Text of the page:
Having your precious cameras and gear stolen could be the end-all of all times. But, with so many cameras and so many great shots, what are the best ways to keep your camera safe? Spoiler alert, the video in this article will teach the thief a thing or two!
Ok, ok, in all seriousness, here are some tips to keep your stuff safe since it’s pretty frustrating to lose your camera, but even more upsetting to have it stolen by someone. In lieu of having everyone stay happy and keep their equipment safe, we have come up with this sometimes obvious list of how to keep your equipment of the black market and in your possession.
Store your gear in a well padded case that does not look like a camera bag
HIde any large logos that could potentially make you stand out
Carry around a small lock in your bag in case you go somewhere you feel iffy.
Take out any finished film canisters from your camera when you are done. At least if it’s stolen, you still have the images.
Always keep your cameras close, it might be a lot of gear that you are carrying, but better to have it with you than under the plane or bus.
Use the strap! If your camera does not have one, it’s time to look up some tipsters
Horse Thief was one of the bands we worked with during CMJ Music Marathon.This Oklahoma-based band came all the way to NYC to play in tone of the world's biggest indie music festivals. We gave them a Fisheye camera too, so they could capture their trip around the Big Apple.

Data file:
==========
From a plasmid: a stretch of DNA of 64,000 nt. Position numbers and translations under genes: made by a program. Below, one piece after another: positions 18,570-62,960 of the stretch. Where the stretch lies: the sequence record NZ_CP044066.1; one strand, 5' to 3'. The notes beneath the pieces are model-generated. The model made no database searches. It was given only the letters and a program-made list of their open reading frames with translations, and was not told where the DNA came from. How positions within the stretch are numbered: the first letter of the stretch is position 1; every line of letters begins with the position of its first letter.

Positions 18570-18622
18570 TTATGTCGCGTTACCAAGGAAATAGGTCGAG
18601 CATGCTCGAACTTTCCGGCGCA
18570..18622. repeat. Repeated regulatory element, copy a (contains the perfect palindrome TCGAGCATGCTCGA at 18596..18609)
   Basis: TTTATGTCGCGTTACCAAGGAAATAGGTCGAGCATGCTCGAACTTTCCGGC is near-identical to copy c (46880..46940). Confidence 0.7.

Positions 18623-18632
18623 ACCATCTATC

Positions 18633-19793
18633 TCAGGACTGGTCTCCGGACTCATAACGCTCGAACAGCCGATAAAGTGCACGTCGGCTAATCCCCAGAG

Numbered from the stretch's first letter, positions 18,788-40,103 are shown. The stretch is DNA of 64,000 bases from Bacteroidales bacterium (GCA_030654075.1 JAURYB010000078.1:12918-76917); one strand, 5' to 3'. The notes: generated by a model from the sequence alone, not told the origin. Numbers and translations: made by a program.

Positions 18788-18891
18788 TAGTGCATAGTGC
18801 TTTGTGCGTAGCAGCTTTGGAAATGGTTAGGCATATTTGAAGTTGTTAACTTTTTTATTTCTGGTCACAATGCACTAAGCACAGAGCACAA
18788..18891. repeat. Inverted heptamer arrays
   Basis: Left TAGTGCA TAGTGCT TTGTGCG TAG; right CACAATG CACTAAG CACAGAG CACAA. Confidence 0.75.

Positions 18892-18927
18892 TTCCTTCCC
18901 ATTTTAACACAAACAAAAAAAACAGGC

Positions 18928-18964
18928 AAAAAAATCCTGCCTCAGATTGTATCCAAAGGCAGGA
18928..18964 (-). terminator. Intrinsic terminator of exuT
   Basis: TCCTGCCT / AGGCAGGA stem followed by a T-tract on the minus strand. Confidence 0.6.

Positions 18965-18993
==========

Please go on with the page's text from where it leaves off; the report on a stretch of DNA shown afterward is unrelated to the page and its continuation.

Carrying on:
Want to go above and beyond with your gift-giving this year? We've got just the thing for you — 20% off our Lomo LC-A, Lomo LC-Wide and all Lomography Premium Cameras! What better way to show someone you care than with a rad analogue camera? So do yourself a favor and head on over to the Online Shop or your nearest Lomography Gallery Store and get 20% savings on these choice cameras.
As a wildlife cameraman and photographer, Ian Llewellyn has worked on a number of television projects. The UK-based lensman breaks free from the strict confines of his profession by engaging in monochrome photography. His personal work is a plethora of abstract and experimental imagery, created in a style distinctly his own. Llewellyn is an ardent user of a Leica Monochrom camera, on which he mounted the Lomo LC-A Minitar-1 Lens, producing the most imaginative, phantasmic results.
Although its existence has always been known among locals, it was only in 1913 when the rest of the world was introduced to the Inca site of Machu Picchu through an expedition headed by Yale University and professor Hiram Bingham.
Reminiscent of traveling photographers of the 19th century, Giles Clement tours through the country with his assistant, Zeiss (an Irish Terrier), offering everything from portrait sessions to wildly creative photographic projects for magazines and companies. And although his mode of transportation may have evolved with the times, his photographic method and gear have changed very little compared to the photographers of days past. Now, with over 3 years of tintyping experience under his belt and an impressive list of clients, he's carved a name out for himself as an accomplished tintyper and continues to spread his passion for this ages-old technique everywhere he goes.